But, the upper on the shoe isn’t tall. As someone with a tall foot, it took a while for me to break in the SlipSpeed Mega to where I felt it wasn’t pressing into the top of my foot. It feels better now but could be better. Keep that in mind if you have a tall foot and get annoyed with shoes that don’t have enough head room through the midfoot.

Brandon: I found the SlipSpeed Mega to be extremely comfortable. They’re not as soft as a Hoka recovery shoe but slipping them on after training or playing feels great. They are on the firm side, so lighter people might notice even less cushioning. I’ve been using them as recovery slides constantly since receiving them.

UA SlipSpeed Mega BOA close up


Arune: By popular demand (or perhaps because Drew gave me a coaching conversation in the middle of another review), we’re adding a section about sizing.

I went TTS (true to size) with a Men’s 9.5 and it’s a perfect fit.

For comparison, I wear that size in all my running shoes – except HOKA where I need a wide fit – and wear a Men’s 9 (also wide) in boots.

Drew: I agree that the SlipSpeed Mega fits true to size. I have exactly the amount of room I expect in terms of length and the clog function is effective with this sizing.

Brandon: At first, I thought it was way too loose. But as I learned that the BOA system isn’t going to snap if you twist it more than a couple times, they felt fine. Maybe a little on the loose side, but I have a fairly narrow foot. I’d say go true to size.

UA SlipSpeed Mega in high vis yellow white and black


Arune: This is one of those shoes that looks like a training shoe, there’s no disguising it.

Now that isn’t a bad thing – but with so many folks wanting one shoe to do it all, this isn’t the shoe you’re wearing to the office or lunch meetings.

I really love the white and black colorway I received, with neon highlights that made it feel like all those early 2000s running shoes that desperately wanted to add a pop of color.

I normally have much more to say, but this shoe looks like a big chunky training shoe – nothing wrong with that, but there’s also nothing that I found particularly distinctive. In fact, I got some Nike Crater Impact visual vibes here.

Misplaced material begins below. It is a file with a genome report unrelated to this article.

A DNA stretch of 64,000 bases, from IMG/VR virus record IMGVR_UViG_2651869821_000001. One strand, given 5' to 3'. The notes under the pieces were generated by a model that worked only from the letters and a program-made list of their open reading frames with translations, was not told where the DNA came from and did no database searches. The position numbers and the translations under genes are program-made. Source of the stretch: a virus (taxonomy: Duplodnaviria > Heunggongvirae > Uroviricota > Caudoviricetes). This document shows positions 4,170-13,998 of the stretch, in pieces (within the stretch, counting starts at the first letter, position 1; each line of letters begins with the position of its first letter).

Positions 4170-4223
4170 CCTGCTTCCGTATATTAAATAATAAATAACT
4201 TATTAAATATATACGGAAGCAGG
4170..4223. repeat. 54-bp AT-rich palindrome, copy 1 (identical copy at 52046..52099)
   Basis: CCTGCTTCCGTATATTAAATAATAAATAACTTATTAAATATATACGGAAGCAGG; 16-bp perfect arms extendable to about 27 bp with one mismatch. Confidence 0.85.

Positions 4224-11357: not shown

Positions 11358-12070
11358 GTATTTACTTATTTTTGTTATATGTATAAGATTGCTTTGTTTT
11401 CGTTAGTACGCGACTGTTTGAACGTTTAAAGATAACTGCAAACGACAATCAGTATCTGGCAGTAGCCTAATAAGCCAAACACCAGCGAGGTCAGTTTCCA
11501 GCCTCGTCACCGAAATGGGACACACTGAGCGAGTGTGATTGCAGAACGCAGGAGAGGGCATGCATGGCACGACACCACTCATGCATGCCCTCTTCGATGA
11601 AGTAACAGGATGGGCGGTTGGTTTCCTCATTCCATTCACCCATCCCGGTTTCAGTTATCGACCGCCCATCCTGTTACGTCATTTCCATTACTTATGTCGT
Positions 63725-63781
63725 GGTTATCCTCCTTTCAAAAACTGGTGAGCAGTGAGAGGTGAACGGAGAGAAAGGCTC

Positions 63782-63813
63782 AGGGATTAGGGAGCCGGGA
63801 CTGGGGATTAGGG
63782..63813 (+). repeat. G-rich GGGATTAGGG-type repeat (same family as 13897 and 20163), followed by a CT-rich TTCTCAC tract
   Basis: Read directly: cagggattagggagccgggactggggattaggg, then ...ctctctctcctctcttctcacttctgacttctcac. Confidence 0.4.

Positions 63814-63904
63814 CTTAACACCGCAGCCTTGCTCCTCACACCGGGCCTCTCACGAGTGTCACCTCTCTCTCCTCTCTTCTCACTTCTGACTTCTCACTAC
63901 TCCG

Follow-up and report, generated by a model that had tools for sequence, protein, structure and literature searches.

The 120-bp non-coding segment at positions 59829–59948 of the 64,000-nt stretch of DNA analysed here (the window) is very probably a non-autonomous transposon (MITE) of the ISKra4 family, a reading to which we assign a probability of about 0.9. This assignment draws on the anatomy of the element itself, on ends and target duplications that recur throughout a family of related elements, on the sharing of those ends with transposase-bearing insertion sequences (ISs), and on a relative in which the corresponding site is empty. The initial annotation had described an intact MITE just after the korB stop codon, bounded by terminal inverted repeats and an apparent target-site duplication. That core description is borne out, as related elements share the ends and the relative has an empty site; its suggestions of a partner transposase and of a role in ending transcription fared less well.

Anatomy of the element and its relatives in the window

In the all important Wife Test, my forever partner asked me “how do they feel?” before making any comment on the looks, which to me is her making sure she doesn’t dissuade me from keeping shoes I like.

Which of course means they didn’t look like anything special to her.

Drew: The visuals of the SlipSpeed Mega are at home in the gym or with sweatpants. Any dressier and you’re going to be on the receiving end of some major side eye. That’s ok with me though, I like having shoes that are meant for lounging or working out…those are the two parts of life I enjoy most. 

Brandon: I am always a fan of bright, bold colorways. I like how the SlipSpeed Mega looks for what it is, and the neon colorways definitely draw some attention. As far as recovery slides go, they are probably among the best looking. Though that’s not a high bar to clear.

UA SlipSpeed Mega heel up and down

Is the UA SlipSpeed Mega worth $140?

Arune: At $140, the Under Armour SlipSpeed Mega is in line with the standard $150 price for training shoes these days.

If this is the shoe that will do it all for you, then it’s a great value.

But if, like me, it’s a shoe that is more a recovery shoe than anything else, this is a pretty steep price to pay especially when other hotel shoes – like the On Cloud X 3 – outperform it and more versatile shoes – like the Reebok Nano X4 – are the same price.

Drew: In order to be ok with the $140 price point you have to use the SlipSpeed Mega to replace both your gym shoes and your clogs. If you do that, the price is worth it. If not, I think you’ll have a hard time justifying the price versus usefulness trade off.

Brandon: I think Arune and Drew both nailed it. It’s important when you look for a training shoe that you think of what you’re actually going to be doing. You don’t need to pay for shoes with a hard, elevated heel if you aren’t squatting often. If you don’t climb ropes, then no need for your shoe to have that as a main feature

If the SlipSpeed Mega seems to be good for what you do in the gym based on what we’ve written here, then absolutely get it, because now one $140 shoe is doing two jobs for you.

UA SlipSpeed Mega clog style

Under Armour SlipSpeed Mega Summary

Arune: While I believe Under Armour may have the most underrated shoe lineup in the game, the SlipSpeed Mega is a good but not great training shoe.

You’ll find loads of other shoes at this price point that give you more and while it’s cool to have a shoe with two modes, I don’t see this being the shoe of choice at this price point.

Drew: If you love the two mode concept, the Under Armour SlipSpeed Mega is the shoe for you. It helps if you don’t need a beastly gym shoe and spend a lot of time lounging around recovering. 

It’s the perfect shoe for a teenager playing high school sports or a professional athlete. The rest of us, well, that depends on how much you’re willing to compromise in order to get something versatile that does most stuff good but not great.

Brandon: It’s hard to recommend these for most gym-goers. The SlipSpeed Mega is really great for recovery, but $140 is not a recovery slide price. If you’re looking to get a training shoe at this price point, it’s a hard sell. 

I respect any attempt to innovate in shoe design. New technology (or new combinations of tech in this case) is the most exciting part of the industry. I just don’t think this training shoe in particular is going to be the right choice for most people.